Lemongrass, a Thai restaurant in Bangkok, Thailand has been serving traditional Thai food for more than 20 years. I first discovered Lemongrass last year when I asked a Thai manager at my office if he could give me a restaurant recommendation for a visiting client.
He recommended Lemongrass as it is a popular place for Thais to take and impress international visitors. I took my client. We loved it, and it has been one of my favorite Thai restaurants in Bangkok ever since.
The Atmosphere at Lemongrass – One reason why Lemongrass is a popular restaurant with both Thais and westerners is the atmosphere. Located in an old converted Thai teak house, outside it’s a bit drab looking but, inside, the restaurant’s decor is evocative of Thailand 80 years ago, and is crammed full of antiques and interesting things to look at.
What is even nicer is the restaurant is made up of lots of small rooms (remember, it’s a converted house) with secluded, romantic places all over, so you don’t feel like you’re in a restaurant. More like inside someone’s family home.
The staff at Lemongrass are welcoming, friendly and always willing to suggest what they think is the best on the menu. They also tend to remember things about you from visit to visit, which adds a lovely personal touch.
The Food at Lemongrass – Obviously, there are so many Thai restaurants in Bangkok, it’s often hard to differentiate between them. For me, a long-time resident of Bangkok, I tend to avoid the more upscale Thai restaurants as, when you can get a typical Thai dish on the street for $1, why pay $8 for it just because the restaurant is pretty.
But, at Lemongrass, the higher price is more than worth it, as the food is cooked more to ‘western taste’ than to Thai taste, meaning it’s not so spicy hot it blows your head off. Surprisingly, although you’d think this would keep Thais away, it doesn’t. Lemongrass is extremely popular with the Thai older hi-so (high-society) crowd, maybe because the atmosphere reminds them a little of their childhood.
On a first trip to Lemongrass, peruse the menu, but I’d recommend starting with the Laab Plaa Tu, a tangy, slightly spicy fish salad that’s just fishy enough to hit the palate, but not so fishy you’re tasting it for days afterwards, or the light Pomelo Salad.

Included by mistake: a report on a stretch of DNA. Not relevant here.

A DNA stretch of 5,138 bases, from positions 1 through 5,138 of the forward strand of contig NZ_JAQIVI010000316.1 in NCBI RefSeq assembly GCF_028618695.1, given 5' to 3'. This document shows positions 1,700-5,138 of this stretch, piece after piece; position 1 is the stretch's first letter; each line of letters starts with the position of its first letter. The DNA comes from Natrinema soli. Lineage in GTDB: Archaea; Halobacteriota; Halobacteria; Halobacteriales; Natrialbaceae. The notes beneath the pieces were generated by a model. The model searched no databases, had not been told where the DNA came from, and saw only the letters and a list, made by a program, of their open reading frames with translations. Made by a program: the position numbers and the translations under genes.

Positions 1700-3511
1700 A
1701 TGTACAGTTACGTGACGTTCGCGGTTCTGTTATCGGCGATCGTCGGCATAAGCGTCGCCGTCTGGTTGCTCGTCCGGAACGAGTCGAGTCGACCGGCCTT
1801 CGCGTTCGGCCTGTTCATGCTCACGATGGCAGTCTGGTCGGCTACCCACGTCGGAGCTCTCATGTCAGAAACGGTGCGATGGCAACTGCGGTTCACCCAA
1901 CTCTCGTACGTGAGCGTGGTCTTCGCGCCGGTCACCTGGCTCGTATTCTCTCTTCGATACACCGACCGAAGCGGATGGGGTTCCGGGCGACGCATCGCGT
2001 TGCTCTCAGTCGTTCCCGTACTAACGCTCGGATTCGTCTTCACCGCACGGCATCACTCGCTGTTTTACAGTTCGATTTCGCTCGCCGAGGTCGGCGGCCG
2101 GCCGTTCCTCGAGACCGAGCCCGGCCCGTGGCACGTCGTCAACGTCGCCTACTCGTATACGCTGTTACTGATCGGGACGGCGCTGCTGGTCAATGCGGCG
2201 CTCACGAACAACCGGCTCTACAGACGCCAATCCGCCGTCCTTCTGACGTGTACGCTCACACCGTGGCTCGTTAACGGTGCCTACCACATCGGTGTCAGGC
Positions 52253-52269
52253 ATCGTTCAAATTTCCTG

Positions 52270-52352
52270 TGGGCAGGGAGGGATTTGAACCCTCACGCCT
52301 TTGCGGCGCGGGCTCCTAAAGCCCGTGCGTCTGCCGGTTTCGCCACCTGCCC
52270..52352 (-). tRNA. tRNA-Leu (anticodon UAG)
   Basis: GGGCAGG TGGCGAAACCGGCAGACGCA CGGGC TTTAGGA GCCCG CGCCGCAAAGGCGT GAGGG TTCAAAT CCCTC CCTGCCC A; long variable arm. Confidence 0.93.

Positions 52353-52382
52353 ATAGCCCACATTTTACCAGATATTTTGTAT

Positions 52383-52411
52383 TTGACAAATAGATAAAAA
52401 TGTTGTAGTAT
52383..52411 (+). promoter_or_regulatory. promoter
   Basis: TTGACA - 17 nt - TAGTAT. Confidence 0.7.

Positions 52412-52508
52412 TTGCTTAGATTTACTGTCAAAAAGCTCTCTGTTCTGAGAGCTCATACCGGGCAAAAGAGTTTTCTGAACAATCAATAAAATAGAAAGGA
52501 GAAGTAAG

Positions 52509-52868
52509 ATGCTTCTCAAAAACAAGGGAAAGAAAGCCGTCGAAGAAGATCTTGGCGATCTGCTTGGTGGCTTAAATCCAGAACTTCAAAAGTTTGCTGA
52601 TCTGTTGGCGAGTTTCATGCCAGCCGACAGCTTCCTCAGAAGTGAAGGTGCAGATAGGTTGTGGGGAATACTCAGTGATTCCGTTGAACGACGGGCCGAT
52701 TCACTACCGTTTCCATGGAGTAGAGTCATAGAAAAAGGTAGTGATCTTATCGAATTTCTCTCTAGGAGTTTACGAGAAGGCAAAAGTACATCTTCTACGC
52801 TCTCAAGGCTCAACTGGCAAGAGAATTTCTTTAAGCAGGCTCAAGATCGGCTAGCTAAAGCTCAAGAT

The Gang Keo Wan Ped Yang, a green duck curry, is incredible as is the T om Kha Gai Sai Hua Plee Pa , chicken and banana flower in coconut soup, and the Grilled Chicken with Lemongrass. Don’t miss the coconut ice cream for dessert.
Prices at Lemongrass, of course, are much higher than at Thai street restaurants, with most dishes between 150-290 baht ($5-10). If you order three dishes for four people though, and bowls of rice, the portions are quite large, so four can eat for around $30.
To drink, Lemongrass is famous for its iced lemongrass green tea. I’m actually not a huge fan of the taste of lemongrass, but I do love their tea. They also have a decent selection of beer, wine and mixed drinks.
If you want to try what’s basically an institution in Bangkok, Lemongrass is the place to go. There are so many good Thai restaurants in Bangkok, it’s par for the course with those, but for somewhere with a delightful atmosphere and a fair bit of history, you can’t beat it.
The only thing I would warn is, as they get busy, the service is slow so don’t eat at Lemongrass for a lunch or dinner when you’re in a rush.
Lemongrass is located across the street from the Emporium Mall on Sukhumvit Soi 24. The easiest way to get to it is to take the sky train to Phrom Phong station, and it’s just a three minute walk from there.